Features - Features
Have you ever wondered why there are so many makes and models of trailers and what those boxes mounted to the frame are? Why there are different sizes and what they are used for?
Specialized trailer equipment requires specialized accessories. For example, there are many varied types of trailers that require multiple forms of securement devices and PPE (personal protection equipment) usually consisting of head, eye, hand, body and foot protection--all depending on what is being hauled.
A dry van or reefer hauler may have regular load locks, butterfly load locks, load bars, e-track securement, straps, ramps, lift gates and extra dunnage. Some trailers carry extra pallets or over-pack barrels under the trailer body. In addition, depending on what area of the country you may be in, you'll see multiple trailers hooked together. There are turnpike doubles/triples that are Longer Combination Vehicles (LCV's) with two 48- or 53-foot trailers or triple 28-foot pups. In the upper Midwest there are "A" and "B" trains which consist of tractor trailer combination units with 11 to 13 axles. These are used mainly in steel coil hauling. The multiple axles are for load weight distribution. In the western states, you'll see Rocky Mountain doubles that consist of a long trailer pulling a pup.
A flatbed carries extra straps (2" and 4"), chains, binders, portable winches and dunnage, as well as a cheater bar. On these types of trailers you may see split axles; instead of trailer axles being together they may be separated for weight distribution. Sometimes companies mount equipment storage boxes in these spaces allowing for the tie down equipment to be stored away from the tractor. Some come equipped with a winch for pulling items onto the trailer. Different types of beds may be hydraulically powered to tilt or extend the length of the trailer. There are multiple types of specialized flatbeds. Some carry a forklift on the rear of the trailer for unloading at a customer location. Still other types of trailers carry heavy equipment that has a detachable gooseneck for loading and unloading.
Additionally, there may be hydraulic steer axles on longer, heavy haul trailers. These are sometimes built to only haul one load. The heavy haul trailers may have multiple axle units called jeeps to attach before and after the main trailer body to assist in weight distribution on oversize loads. On most of these types of loads, there are escort vehicles required for front and rear protection of the load.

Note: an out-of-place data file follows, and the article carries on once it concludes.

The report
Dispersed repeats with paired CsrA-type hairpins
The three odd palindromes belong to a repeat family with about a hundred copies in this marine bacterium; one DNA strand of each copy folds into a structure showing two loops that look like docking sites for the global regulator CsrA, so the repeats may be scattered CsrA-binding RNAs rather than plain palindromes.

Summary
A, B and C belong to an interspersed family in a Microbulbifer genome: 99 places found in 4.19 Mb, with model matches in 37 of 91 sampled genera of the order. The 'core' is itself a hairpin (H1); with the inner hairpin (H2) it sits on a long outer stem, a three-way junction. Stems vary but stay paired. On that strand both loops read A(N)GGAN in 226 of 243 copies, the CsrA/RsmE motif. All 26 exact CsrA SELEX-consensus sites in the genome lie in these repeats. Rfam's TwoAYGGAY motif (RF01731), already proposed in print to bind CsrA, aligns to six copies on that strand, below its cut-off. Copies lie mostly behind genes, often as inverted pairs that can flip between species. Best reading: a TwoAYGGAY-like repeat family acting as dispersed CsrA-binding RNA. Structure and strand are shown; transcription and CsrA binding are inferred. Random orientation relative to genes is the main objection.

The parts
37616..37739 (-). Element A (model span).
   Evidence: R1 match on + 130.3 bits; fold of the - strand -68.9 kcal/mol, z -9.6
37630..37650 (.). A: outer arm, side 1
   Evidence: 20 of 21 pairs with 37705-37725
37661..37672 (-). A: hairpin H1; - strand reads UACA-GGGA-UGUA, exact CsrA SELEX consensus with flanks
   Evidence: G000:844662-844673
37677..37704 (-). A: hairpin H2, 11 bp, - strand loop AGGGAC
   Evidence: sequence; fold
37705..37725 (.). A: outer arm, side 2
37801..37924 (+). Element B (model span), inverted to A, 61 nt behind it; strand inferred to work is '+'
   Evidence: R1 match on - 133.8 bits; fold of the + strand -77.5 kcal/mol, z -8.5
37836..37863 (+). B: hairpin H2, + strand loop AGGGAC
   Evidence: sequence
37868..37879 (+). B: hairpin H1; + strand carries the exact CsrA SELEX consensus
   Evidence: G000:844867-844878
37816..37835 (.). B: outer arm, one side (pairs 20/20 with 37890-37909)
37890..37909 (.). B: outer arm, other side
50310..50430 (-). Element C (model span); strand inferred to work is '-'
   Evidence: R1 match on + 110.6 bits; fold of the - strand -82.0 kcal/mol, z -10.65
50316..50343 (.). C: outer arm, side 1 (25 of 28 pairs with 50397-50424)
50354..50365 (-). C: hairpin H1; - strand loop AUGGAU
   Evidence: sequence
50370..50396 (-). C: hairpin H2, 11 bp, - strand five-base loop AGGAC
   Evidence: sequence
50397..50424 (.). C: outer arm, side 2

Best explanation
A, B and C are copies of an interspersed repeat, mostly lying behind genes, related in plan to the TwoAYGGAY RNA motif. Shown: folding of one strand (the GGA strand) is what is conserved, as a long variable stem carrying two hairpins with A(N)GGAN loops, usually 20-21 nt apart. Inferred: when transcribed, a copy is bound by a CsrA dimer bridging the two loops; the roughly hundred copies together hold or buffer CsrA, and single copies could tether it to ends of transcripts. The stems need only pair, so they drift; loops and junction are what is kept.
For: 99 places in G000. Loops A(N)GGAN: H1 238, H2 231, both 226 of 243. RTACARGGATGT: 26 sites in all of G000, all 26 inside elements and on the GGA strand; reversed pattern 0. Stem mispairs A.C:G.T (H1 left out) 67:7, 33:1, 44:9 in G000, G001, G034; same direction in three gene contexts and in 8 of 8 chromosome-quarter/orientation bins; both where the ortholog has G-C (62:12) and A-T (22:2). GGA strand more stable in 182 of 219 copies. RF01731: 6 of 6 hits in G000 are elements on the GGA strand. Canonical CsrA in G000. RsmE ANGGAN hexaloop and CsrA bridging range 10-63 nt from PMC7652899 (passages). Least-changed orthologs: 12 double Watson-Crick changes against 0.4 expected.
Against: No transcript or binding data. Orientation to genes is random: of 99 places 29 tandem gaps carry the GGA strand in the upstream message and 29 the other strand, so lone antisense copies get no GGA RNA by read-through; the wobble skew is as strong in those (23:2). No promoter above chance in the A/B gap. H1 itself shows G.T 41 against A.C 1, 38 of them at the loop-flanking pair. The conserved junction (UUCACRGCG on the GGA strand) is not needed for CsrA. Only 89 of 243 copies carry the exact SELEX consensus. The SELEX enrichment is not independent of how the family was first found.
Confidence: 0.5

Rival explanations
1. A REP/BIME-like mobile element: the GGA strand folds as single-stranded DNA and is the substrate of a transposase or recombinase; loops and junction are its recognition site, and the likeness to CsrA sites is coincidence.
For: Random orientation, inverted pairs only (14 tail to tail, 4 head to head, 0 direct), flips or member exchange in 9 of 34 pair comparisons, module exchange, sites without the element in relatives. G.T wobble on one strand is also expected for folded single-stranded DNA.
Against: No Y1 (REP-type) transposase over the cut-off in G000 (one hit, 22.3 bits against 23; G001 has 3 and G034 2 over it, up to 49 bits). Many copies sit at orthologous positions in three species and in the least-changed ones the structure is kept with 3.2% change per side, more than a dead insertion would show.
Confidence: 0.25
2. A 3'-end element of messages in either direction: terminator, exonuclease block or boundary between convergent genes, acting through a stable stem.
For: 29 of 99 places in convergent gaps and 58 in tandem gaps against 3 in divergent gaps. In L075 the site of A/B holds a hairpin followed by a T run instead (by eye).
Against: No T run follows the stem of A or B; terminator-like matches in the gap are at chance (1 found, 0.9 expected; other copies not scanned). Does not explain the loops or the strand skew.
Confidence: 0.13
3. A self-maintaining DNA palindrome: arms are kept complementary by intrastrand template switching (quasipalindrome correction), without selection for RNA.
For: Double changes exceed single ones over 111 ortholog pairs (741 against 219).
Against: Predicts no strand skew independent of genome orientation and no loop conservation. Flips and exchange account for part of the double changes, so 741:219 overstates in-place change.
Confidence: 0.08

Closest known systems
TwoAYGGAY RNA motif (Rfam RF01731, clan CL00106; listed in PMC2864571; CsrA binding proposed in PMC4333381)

A single or double drop trailer may have load leveler frames to give additional support to the load. These trailers sometimes come with an additional axle that is pinned into place and is flipped up to ride on top of a trailer bed when not being used.
There are pneumatic dry bulk trailers that discharge their load through the use of a PTO driven unit on the tractor and could be a bottom or rear discharge type of trailer. Some equipment related to these types of trailers includes rubber hammers, hoses, clamps, buckets and personal PPE.
There are many types of tanker trailers that carry liquid materials ranging from food products to industrial gasses and chemicals. Each has their own specialty equipment for loading and unloading procedures. These include hoses, clamps, buckets, seals and specified PPE from both the company and customer for the product being hauled.
There are specialty trailers that are used at hospitals called MRI (Magnetic Resonance Imaging). They are huge mobile x-ray machines that are shared between multiple hospitals. The personnel involved with these trailers may transport, set up, maintain and secure the equipment on a regularly scheduled cycle.
Other specialty equipment includes car haulers, boat haulers and custom haulers that move grain cutting equipment. Additionally, there are oilfield rigs, explosives haulers, just-in time haulers and a plethora of others to boot! Adjusting tie downs, climbing in, over, under and through equipment is extremely hazardous in all types of weather. Not only does the equipment have to be suited for the job, the driver needs to excel in his/her area of expertise.
There are trailers available for any type of freight. Some models are off the showroom floor and ready to use. Others require months of preparation for a single use. One thing to remember is that whatever trailer is on the road and whatever commodity is being hauled, there are trained professional drivers pulling them safely down the highway. If you're tired of hauling the same old freight, maybe you will become one of these specialized drivers.